Our family is ahead of the “GIGA School Initiative”.

We started a correspondence course “Kodomo Challenge” by Shinkenzemi for our son Takeh right after his second birthday.

We don’t have any ambitions for him to be able to add and subtract by the time he enters elementary school. So we are still trying to figure out how much effort to put into the program.

Kodomo Challenge includes educational materials, educational toys, and digital materials such as video content and apps. Parents are confused by the sheer volume of information at this point, although they will eventually be able to grasp the situation.

Among them, I am concerned about the existence of digital educational materials that require the use of tablets. There are two apps, “Shimajiro Club App” and “Kodomo Challenge TV App,” and I would like him to use them.

I think on-demand learning is important in this day and age.

Learning the habit of thinking by trial and error can be done after more basic knowledge has been built up.

Unfortunately, these two apps did not work on the several year old tablet we have at home.

I could install the apps on my smartphone and let him look at them. But I don’t want him messing with my smartphone screen and changing my phone settings. Also, he has a habit of yelling, “I want to look at your phone!” I don’t want him to get into the habit of crying and begging to see my phone.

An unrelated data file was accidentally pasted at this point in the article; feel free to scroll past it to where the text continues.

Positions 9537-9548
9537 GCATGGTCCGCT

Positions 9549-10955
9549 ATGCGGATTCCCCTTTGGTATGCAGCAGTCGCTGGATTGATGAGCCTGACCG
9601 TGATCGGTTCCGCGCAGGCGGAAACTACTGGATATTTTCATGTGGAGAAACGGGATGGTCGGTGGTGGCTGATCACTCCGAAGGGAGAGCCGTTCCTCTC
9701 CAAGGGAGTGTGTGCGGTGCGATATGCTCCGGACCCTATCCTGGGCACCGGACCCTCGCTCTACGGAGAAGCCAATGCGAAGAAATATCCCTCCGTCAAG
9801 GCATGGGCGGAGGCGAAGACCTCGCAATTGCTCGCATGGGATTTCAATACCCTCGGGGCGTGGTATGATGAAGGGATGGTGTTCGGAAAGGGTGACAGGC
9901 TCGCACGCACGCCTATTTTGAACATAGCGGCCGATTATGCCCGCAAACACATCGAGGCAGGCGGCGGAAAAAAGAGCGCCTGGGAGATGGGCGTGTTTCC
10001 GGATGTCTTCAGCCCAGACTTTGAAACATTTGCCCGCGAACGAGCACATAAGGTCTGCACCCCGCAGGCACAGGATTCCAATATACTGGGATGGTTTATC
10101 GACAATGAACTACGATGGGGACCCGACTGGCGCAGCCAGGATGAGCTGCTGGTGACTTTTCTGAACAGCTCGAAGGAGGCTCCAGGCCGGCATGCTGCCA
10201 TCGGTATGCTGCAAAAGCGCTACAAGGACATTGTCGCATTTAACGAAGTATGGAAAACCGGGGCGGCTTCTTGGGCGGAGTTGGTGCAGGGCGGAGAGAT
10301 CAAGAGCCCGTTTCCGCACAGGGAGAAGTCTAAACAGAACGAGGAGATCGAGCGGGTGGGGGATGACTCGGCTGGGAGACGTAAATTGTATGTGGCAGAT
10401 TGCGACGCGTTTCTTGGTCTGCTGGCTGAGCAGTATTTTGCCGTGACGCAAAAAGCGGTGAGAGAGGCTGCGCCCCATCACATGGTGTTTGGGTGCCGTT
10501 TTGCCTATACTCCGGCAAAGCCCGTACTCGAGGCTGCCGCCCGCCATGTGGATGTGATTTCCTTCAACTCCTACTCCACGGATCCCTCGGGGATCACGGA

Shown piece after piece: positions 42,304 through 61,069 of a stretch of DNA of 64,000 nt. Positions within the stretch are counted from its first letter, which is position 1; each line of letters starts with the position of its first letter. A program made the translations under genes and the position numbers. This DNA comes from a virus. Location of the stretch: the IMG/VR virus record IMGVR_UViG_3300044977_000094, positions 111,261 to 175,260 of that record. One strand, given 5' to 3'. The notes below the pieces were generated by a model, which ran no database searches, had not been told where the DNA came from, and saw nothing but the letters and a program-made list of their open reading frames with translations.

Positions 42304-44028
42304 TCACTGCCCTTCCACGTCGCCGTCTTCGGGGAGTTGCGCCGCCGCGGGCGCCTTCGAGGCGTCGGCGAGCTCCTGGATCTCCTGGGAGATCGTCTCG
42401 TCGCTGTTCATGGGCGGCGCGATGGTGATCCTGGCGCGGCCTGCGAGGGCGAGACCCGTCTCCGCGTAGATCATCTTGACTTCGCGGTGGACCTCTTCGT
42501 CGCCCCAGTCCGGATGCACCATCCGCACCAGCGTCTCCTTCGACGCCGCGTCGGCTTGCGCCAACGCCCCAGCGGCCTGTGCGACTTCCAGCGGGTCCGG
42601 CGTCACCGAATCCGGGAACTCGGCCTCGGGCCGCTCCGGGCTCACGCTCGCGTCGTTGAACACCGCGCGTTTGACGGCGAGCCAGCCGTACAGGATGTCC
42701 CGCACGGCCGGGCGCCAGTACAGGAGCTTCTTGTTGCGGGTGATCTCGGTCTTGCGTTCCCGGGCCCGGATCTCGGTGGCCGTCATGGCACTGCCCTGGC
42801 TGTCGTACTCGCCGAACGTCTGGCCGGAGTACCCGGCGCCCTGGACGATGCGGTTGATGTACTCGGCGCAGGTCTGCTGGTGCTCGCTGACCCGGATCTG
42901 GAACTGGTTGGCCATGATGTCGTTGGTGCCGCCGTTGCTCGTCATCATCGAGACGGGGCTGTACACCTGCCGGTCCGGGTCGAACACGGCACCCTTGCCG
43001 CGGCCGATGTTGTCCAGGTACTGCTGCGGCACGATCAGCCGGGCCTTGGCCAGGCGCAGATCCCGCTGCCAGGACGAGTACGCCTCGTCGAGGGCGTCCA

After much deliberation, we decided to buy him his own tablet.

I was researching tablets and had a hard time choosing the right one.

I was confused because I couldn’t find a device that met my expectations for price and performance.

There are many very cheap Chinese tablets for sale on Amazon, but they all stink. Even before I read the reviews, I could tell that many of the products were “cheap or bad.

Recently, my son Takeh got desperate when he didn’t get his way and started throwing books on the shelf on the floor. If you give him a tablet, he might throw it at you and break it just like the books. So I wanted to attach a shock-absorbing case to the tablet so that it would not break even if the child handled it roughly.

When we looked for such a case, there were not many options.

What I ended up purchasing was the Fire HD 8 Kids Model, made by Amazon.

An 8-inch tablet.

Since this device is prepared by Amazon as a gateway to direct customers to its various services, it has the reputation of being very inexpensive for the device’s performance.

Especially on days when Amazon has a sale, the price is discounted even more than the regular price.

I knew in advance that there was a downside to the low price.

The operating system installed in this tablet is called “Fire OS”, which is based on Android and developed by Amazon.

On this Fire OS, Google Play, a portal application for downloading Android applications, is not available. For this reason, there are quite a few applications that can be used on this tablet.

I knew that two apps related to Kodomo Challenge were not compatible with Fire OS. However, I also knew that by modifying the Fire OS at my own risk, I could install Google Play and install any Android apps I wanted from there.